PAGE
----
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Cleaning Up SQL Database Mail Logging Records

This morning in my production cluster I noticed MSDB had grown to almost 10gb.  After some help from my friends at #SQLHelp, I ran one of the built-in reports, which are great…thank you Microsoft, ‘Disk Usage by Top Tables’ to tell me which table(s) had grown since I last checked this system database.  I think I found a winner: sysmail_mailitems had an outrageously high amount of records.  Why aren’t these being cleaned up in a job similar to sp_delete_backuphistory or sp_purge_jobhistory?

In order to clean these items up, use the following code:

USE MSDB

EXEC sysmail_delete_log_sp @logged_before=’2012-01-13 12:00:00′

You could script this out to run nightly or weekly and remove the last 30 days.  Enjoy!

sysmail_mailitems

Transaction Log Fills Up the Drive….Oh No!

Maybe your users cannot access your database, or maybe your preferred monitoring software is reporting limited or non-existent disk space on your log drive for a particular SQL Server.  Maybe you get a call from a Subject Matter Expert telling you their application is wigging out, or maybe you get a call from a user or even better, from your helpdesk.  We have all gotten that phone call or e-mail at one point or another.  A transaction log has gone awry and wreaked havoc on your limited drive allocated to the log files.  What next?

Do we know the database?  We could look at the drive and find the culprit.  However, we will need the logical name of the log file in order to shrink it, remember it isn’t always the same as the filename.  Run the following in SQL Server Management Studio (SSMS) in order to get the log file name:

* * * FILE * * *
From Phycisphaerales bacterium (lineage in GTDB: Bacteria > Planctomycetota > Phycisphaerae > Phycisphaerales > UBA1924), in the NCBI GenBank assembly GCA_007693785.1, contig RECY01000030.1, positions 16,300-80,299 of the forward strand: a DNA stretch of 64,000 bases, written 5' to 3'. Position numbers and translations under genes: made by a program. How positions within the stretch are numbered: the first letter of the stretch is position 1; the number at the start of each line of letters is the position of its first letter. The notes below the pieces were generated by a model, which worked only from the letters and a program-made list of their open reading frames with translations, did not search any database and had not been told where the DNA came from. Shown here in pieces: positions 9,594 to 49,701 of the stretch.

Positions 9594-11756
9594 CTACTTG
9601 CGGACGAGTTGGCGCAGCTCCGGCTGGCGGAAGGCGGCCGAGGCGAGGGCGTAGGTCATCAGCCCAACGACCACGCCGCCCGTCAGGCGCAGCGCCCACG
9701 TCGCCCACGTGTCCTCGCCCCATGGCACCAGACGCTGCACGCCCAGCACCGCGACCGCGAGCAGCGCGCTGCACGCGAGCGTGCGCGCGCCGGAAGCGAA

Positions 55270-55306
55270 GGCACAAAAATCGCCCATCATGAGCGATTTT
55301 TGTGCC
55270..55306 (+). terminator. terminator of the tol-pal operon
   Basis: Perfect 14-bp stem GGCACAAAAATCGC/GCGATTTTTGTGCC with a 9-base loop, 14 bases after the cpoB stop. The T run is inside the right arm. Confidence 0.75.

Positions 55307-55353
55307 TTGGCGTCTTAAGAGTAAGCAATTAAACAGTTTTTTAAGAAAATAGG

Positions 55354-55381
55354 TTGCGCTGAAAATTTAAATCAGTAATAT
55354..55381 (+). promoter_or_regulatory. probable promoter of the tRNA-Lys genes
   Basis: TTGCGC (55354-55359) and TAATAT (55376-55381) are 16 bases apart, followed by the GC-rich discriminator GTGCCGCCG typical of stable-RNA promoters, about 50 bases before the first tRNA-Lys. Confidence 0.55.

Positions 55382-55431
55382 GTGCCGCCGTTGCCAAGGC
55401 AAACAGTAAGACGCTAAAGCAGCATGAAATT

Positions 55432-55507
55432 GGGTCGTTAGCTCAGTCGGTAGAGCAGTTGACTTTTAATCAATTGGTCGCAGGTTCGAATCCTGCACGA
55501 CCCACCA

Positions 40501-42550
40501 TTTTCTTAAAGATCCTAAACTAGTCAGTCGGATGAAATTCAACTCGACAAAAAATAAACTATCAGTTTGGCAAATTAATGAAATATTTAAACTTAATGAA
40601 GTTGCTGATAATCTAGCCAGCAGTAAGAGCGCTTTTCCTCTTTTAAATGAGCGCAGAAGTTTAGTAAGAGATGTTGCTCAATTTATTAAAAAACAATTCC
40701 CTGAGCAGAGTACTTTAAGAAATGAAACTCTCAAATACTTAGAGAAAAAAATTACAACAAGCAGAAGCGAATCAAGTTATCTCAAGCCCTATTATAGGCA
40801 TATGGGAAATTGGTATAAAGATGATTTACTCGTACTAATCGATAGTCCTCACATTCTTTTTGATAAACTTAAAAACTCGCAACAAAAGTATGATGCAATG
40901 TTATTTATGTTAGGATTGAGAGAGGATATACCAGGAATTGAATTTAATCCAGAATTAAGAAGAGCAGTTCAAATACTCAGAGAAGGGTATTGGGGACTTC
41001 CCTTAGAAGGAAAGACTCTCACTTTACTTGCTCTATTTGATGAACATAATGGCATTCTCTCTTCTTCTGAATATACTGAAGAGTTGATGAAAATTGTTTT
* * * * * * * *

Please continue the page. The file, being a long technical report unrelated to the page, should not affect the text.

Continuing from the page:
SELECT name FROM sys.database_files WHERE type_desc = ‘LOG’

At this point, we can try to shrink the database by issuing the following command:

DBCC SHRINKFILE(‘<DB log file name>’, 0) 

If this does not shrink the file, then run the following command to see the log_reuse_wait_desc column (way over to the right):

SELECT * FROM sys.databases WHERE name = ‘<DB Name>’

The following values of the log_reuse_wait_desc are the most common reasons that the shrink operation has failed:

  1. CHECKPOINT:  This means that there is no database checkpoint in the transaction logs.  You should manually run the CHECKPOINT command or you could also perform a database backup.
  2. ACTIVE_TRANSACTION:  This indicates that there is an open transaction.  You can use DBCC OPENTRAN to find out what is going on (I will write another blog on this soon and link back here).
  3. LOG_BACKUP:  This indicates that the log file has wrapped around to the beginning of the file and the free space is somewhere in the middle of the file.  Run another log backup in order to move the free space to the beginning or end of the log file.

After completing one of the three afore-mentioned steps, we can now issue the SHRINKFILE command again….And all will be well with the universe.  Enjoy!

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